So Danny has to make way and I’ve plumped for Mark Hoban – on the basis that he thinks banks should be allowed to fail, need generally sorting out, and appears to be on the side of the mutuals in terms of helping them to grow. He is the most competent Tory junior minister in the Treasury. I am prepared for others to tell me all sorts of dark secrets I don’t know about him though, to make me change my mind…

But fear not Danny. Cameron hasn’t got the guts to put Vince in to No.11, so you’ll be safe where you are.

You’re also all wondering about David Laws aren’t you…

Business, Innovation and Skills

My cabinet:David Laws
Cameron Likely:Vince Cable

I don’t think Cameron will do anything but leave Vince where is he. But if he were to move Vince to No. 11 – then isn’t this the place where David Laws is most likely to re emerge? He can’t go back to the ‘same‘ job he resigned from surely, this is close enough to the Treasury to make good use of his experience – and of course he is an ex investment banker, useful as the Department is likely to be heavily involved in regulation and restructuring of the banks. Makes perfect sense to me.

But in Cameron’s world – I think he has a different plan for David Laws…you’ll need to hang on a mo…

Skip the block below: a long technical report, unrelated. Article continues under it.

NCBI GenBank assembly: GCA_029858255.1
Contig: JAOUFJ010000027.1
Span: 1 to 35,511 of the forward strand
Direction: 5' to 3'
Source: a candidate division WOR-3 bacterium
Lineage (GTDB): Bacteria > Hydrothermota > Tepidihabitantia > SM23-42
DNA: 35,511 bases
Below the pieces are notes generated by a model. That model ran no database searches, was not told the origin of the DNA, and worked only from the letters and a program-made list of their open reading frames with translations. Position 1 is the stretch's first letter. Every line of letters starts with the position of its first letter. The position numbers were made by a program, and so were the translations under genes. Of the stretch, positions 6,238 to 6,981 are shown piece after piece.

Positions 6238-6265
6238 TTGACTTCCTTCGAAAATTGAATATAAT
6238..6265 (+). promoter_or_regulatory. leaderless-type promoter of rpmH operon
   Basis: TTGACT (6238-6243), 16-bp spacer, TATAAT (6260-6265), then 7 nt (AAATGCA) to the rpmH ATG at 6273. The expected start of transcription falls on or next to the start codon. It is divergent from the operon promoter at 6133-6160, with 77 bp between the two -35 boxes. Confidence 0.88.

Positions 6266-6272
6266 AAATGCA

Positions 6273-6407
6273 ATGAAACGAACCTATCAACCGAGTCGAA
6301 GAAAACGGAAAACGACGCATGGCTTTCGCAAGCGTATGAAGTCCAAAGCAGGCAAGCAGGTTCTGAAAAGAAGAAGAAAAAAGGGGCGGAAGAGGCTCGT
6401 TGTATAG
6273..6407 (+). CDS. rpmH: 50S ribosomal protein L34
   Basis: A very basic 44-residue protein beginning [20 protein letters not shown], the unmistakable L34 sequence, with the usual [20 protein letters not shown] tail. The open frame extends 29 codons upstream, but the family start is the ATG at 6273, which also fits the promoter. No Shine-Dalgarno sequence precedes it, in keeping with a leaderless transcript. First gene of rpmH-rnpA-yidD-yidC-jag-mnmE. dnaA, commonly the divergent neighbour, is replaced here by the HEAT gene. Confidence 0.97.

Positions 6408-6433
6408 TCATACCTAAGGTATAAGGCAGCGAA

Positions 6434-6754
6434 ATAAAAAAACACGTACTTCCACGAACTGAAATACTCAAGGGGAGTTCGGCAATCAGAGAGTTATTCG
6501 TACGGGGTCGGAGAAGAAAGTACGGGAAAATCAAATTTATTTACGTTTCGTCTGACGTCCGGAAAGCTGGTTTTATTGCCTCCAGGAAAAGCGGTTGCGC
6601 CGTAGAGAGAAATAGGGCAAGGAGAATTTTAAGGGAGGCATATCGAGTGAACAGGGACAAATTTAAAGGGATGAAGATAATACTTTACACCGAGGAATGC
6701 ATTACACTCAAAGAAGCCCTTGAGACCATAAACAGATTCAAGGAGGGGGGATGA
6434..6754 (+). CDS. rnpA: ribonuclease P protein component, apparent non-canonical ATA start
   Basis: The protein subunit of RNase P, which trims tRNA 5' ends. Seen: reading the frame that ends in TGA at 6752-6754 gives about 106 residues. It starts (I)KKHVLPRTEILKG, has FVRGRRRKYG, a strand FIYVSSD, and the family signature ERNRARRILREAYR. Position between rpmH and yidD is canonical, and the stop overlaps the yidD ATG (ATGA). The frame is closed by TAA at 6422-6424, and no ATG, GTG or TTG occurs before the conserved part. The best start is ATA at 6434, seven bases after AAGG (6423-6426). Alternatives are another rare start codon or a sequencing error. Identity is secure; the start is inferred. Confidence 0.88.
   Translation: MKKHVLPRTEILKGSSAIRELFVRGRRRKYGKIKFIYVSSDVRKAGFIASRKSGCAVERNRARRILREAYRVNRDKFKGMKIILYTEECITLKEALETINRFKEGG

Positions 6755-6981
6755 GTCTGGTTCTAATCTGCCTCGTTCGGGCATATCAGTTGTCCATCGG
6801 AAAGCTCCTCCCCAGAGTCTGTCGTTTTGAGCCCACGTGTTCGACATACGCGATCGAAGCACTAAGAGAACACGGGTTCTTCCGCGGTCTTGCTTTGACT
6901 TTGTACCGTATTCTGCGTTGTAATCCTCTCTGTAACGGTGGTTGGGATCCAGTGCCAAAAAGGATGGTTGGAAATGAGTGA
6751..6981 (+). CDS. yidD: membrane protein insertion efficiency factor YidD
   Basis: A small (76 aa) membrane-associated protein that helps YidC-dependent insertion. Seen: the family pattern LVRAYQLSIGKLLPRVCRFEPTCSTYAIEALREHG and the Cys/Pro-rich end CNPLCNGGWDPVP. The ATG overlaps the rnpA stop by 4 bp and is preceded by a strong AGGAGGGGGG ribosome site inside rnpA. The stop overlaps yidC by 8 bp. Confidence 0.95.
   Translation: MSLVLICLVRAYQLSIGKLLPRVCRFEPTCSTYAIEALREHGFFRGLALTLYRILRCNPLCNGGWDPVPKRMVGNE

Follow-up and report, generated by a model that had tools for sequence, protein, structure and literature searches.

Work and Pensions

My cabinet:Iain Duncan Smith

Likely Cameron:Iain Duncan Smith

Too much going on, not gone badly enough wrong, I wouldn’t move IDS, even if I’m not big on his policy agenda. Neither will Cameron. A fight he doesn’t need to have.

Energy and Climate Change

My cabinet:Ed Davey

Cameron Likely:Ed Davey

Ed is doing a fine job, has done nothing to merit any change and hasn’t been there long enough anyway to change. Status quo all round

Communities and Local Government

My cabinet:Eric Pickles

Cameron Likely:Eric Pickles

I couldn’t move Eric, Cameron might even be tempted to promote him to the Home Office, a popular move with the right. But Eric will stay


My cabinet: Justine Greening

Cameron Likely:Theresa Villiers

I wouldn’t have put Greening in at transport anyway – the third runway is an accident waiting to happen for the MP for Putney. But as she is there, and doing a competent job, I’d probably leave her for now. But I’ve already said that I think Cameron will move her. So he’ll promote Theresa Villiers (who I am no fan of) into cabinet. A Heathrow fan and a London MP who will benefit from HS2, which (I think I am right in saying) skirts round her constituency.


My cabinet:Michael Gove

Cameron likely:David Laws

While I would leave Gove in place, despite the fact that he seems intent on forcing Free Schools on an unsuspecting world whether they like it or not, I don’t think Cameron will. I think Cameron must now see Gove as a threat – especially after the ‘O’ level announcement, a move designed to further enhance Gove’s reputation amongst the Tory faithful, and also Gove’s Leveson performance defending the press – surely a debt that will be repaid.

So Gove will pay the price for doing ‘too good a job’. But Cameron can’t sack him. He needs to move him into a position which can be dressed up as a promotion, of vital importance to this country’s future, but where he can do little harm. That’s coming next.